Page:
While production of the F-35 Joint Strike Fighter (JSF) continues to command public and political attention, the US Air Force (USAF) has set its sights on replacing its aging fleet of bombers by 2040. On October 27, Defense Secretary Ash Carter announced that Northrop Grumman Corporation has won the contract to build 100 of America’s next generation of Long Range Strike-Bomber (LRS-B). Prematurely dubbed the B-3 by some, the first units are expected to be fielded by 2025.
The LRS-B program must come at an affordable cost. The program was launched in 2011 and is the ‘cost-conscious’ version of the more expensive ‘Next Generation Bomber’, which was cancelled in 2011 by then Secretary of Defense Robert Gates. According to USAF’s budget request for Fiscal Year (FY) 2016, the development of the LRS-B ranks amongst its top three acquisition priorities. For FY2016, USAF is seeking US$ 1.2 billion, making it the most expensive weapons system under its research, development, testing and evaluation (RDT&E) budget since the JSF. Current cost per unit is estimated at US$ 564 million in 2016 dollars.
Prior to launching the LRS-B’s request for proposal (RFP) in July 2014, the Air Force took a number of measures to ensure cost of research and development would be kept down. The first cost-cutting measure involved in-house research and development. According to Defense News, the LRS-B ‘is unusually mature for a program at this stage of development, as the Air Force has already completed much of the testing and risk reduction. Although there are no indications a complete prototype has flown, the team has already built component prototypes and scale models for testing.’
Another cost-saving measure was the Air Force’s requirement that the LRS-B be built with existing technologies; some of which are already developed by the service’s Rapid Capabilities Office (RCO). Bill Laplante, head of Air Force Acquisition, defended this decision and argued that ‘just because its existing technology doesn’t mean its not incredible’. In other words, existing technologies are on par with the USAF’s ambition of developing and building the most advanced long-range next generation stealth bomber. The LRS-B will use an open-architecture approach. This feature has a dual purpose. First, it will allow the aircraft to be upgraded to incorporate new technologies as they emerge allowing the LRS-B to retain its technological edge over opponents. Secondly, upgrades will come at a lower cost.
Much is still unknown of the LRS-B design features. The secrecy surrounding the program is dictated by the need to retain technological superiority and deny opponents the opportunity to develop early counter-capabilities. Many of the details we know of the aircraft’s design features are speculation. However, based on our knowledge of current bomber capabilities, it is worth examining what we know of America’s future bomber and how it will continue to support the nation’s foreign policy vision.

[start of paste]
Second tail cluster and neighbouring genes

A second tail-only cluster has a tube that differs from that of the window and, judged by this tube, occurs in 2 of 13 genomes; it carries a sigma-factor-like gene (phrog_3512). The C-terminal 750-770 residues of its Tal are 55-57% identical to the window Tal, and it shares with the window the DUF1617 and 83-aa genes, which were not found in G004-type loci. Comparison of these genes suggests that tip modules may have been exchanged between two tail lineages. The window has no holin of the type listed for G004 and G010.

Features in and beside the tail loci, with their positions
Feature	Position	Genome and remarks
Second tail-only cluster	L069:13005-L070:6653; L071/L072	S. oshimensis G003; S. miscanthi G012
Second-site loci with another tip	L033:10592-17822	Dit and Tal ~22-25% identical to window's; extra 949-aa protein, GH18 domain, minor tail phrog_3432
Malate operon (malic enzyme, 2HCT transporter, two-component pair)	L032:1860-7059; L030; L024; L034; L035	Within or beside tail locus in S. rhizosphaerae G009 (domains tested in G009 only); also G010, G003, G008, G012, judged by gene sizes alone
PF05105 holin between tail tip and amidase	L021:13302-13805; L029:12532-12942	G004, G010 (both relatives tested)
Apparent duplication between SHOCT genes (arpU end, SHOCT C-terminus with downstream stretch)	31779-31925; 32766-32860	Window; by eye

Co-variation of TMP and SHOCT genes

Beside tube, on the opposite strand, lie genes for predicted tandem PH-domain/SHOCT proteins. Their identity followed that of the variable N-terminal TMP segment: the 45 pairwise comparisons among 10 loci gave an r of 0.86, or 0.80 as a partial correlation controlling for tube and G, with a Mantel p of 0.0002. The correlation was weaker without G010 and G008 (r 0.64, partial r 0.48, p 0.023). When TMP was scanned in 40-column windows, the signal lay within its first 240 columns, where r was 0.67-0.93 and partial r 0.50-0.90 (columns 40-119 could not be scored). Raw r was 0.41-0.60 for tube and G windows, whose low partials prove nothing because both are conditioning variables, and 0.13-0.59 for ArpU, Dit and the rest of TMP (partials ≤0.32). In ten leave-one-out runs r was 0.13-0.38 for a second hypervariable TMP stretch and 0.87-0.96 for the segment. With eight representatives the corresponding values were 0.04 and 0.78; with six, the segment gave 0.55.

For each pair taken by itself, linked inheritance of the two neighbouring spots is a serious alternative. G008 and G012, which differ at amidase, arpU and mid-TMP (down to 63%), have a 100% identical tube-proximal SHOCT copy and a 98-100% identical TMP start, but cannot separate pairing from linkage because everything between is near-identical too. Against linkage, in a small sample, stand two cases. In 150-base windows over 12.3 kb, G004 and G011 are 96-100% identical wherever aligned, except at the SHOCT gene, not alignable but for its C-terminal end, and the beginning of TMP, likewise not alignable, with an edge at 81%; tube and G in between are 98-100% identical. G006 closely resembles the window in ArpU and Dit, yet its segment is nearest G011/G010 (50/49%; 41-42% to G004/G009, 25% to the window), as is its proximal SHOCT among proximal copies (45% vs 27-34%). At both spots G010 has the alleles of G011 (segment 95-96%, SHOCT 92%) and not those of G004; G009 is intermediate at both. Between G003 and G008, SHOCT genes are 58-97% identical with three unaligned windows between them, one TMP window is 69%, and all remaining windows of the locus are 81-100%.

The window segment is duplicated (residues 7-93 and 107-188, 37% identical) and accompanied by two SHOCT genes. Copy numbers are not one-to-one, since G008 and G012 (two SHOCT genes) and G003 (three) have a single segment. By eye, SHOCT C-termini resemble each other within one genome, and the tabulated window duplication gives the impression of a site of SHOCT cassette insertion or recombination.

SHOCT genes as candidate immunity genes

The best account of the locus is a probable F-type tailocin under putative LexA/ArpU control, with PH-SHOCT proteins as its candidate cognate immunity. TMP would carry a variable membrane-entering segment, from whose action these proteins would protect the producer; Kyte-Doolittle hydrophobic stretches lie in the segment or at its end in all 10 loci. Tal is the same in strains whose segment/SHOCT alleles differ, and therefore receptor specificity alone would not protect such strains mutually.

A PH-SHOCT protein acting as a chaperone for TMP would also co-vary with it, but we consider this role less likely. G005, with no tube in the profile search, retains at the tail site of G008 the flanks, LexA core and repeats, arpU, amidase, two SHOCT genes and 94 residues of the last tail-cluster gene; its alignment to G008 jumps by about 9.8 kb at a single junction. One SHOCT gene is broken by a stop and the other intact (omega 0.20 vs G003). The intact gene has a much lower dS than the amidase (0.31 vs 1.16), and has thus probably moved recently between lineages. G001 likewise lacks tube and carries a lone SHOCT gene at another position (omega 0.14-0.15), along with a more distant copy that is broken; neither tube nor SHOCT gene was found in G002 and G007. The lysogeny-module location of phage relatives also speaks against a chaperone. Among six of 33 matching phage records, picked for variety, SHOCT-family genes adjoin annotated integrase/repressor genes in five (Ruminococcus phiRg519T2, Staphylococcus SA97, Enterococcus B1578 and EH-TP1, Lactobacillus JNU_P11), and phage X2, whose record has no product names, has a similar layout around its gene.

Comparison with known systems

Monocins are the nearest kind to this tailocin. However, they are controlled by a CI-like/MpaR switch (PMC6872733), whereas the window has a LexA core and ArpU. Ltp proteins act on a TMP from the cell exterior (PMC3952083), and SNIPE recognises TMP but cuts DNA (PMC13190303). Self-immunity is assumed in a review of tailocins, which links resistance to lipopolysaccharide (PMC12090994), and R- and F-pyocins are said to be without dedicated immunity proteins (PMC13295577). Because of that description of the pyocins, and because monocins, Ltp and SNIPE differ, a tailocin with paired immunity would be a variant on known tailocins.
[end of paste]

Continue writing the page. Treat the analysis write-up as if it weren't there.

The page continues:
First and foremost, like the existing bomber fleet, the LRS-B is part of a long-range strike system that acts as a strategic deterrent; an important enabler of America’s global reach. The LRS-B will have long range conventional and nuclear capabilities to strike any target, anytime, anywhere around the globe. Retiring the entire bomber fleet composed of B-52s, B-2 and B-1Bs means the LRS-B will also have to accomplish a variety of missions. These include close air support (CAS), as performed by B-1s in Afghanistan and Iraq, nuclear deterrence, maritime surveillance and interdiction operations.
Based on current defense trends, the LRS-B will operate in a threat environment increasingly marked by advanced A2/AD capabilities. To this end, the LRS-B must also be able to successfully and autonomously penetrate and operate in hostile airspaces. The emphasis is on the term autonomously. Currently, American bombers do not have air-to-air missile (AAM) capabilities. This makes them vulnerable to an opponent’s effective air defense systems if unaccompanied by strike fighters. To increase survivability in A2/AD environments, the LSR-B will have to be significantly stealthier than the B-2. The extent of its stealth capabilities is currently unknown. Some have argued that if detection capabilities outpace stealth capabilities, then the LRS-B will become another platform similar to the B-1B and B-52, only with a higher price tag.
Finally, sceptics have already warned cost estimates are likely to rise in coming years, with some critics arguing the cost per unit may reach a whopping US$ 3 billion. Unknown payload features for example will help determine cost per unit. A larger aircraft has a greater carrying capacity for larger and heavier weapons. However, the cost per unit of a bomber increases when the size of the payload increases. Accountable to a cost-conscious Congress, the USAF must continue its cost benefit approach in the development of the LRS-B program. During the October 27 announcement, Laplante stated that ‘the program acquisition strategy has carefully integrated lessons learned from previous programs and consider all elements of life cycle costs in its design for affordability. We are primed to deliver this capability in the most affordable, efficient way possible’. Keeping the LRS-B cost down may prove difficult, but the Air Force is committed to the challenge.
Image Courtesy of Northrop-Grumman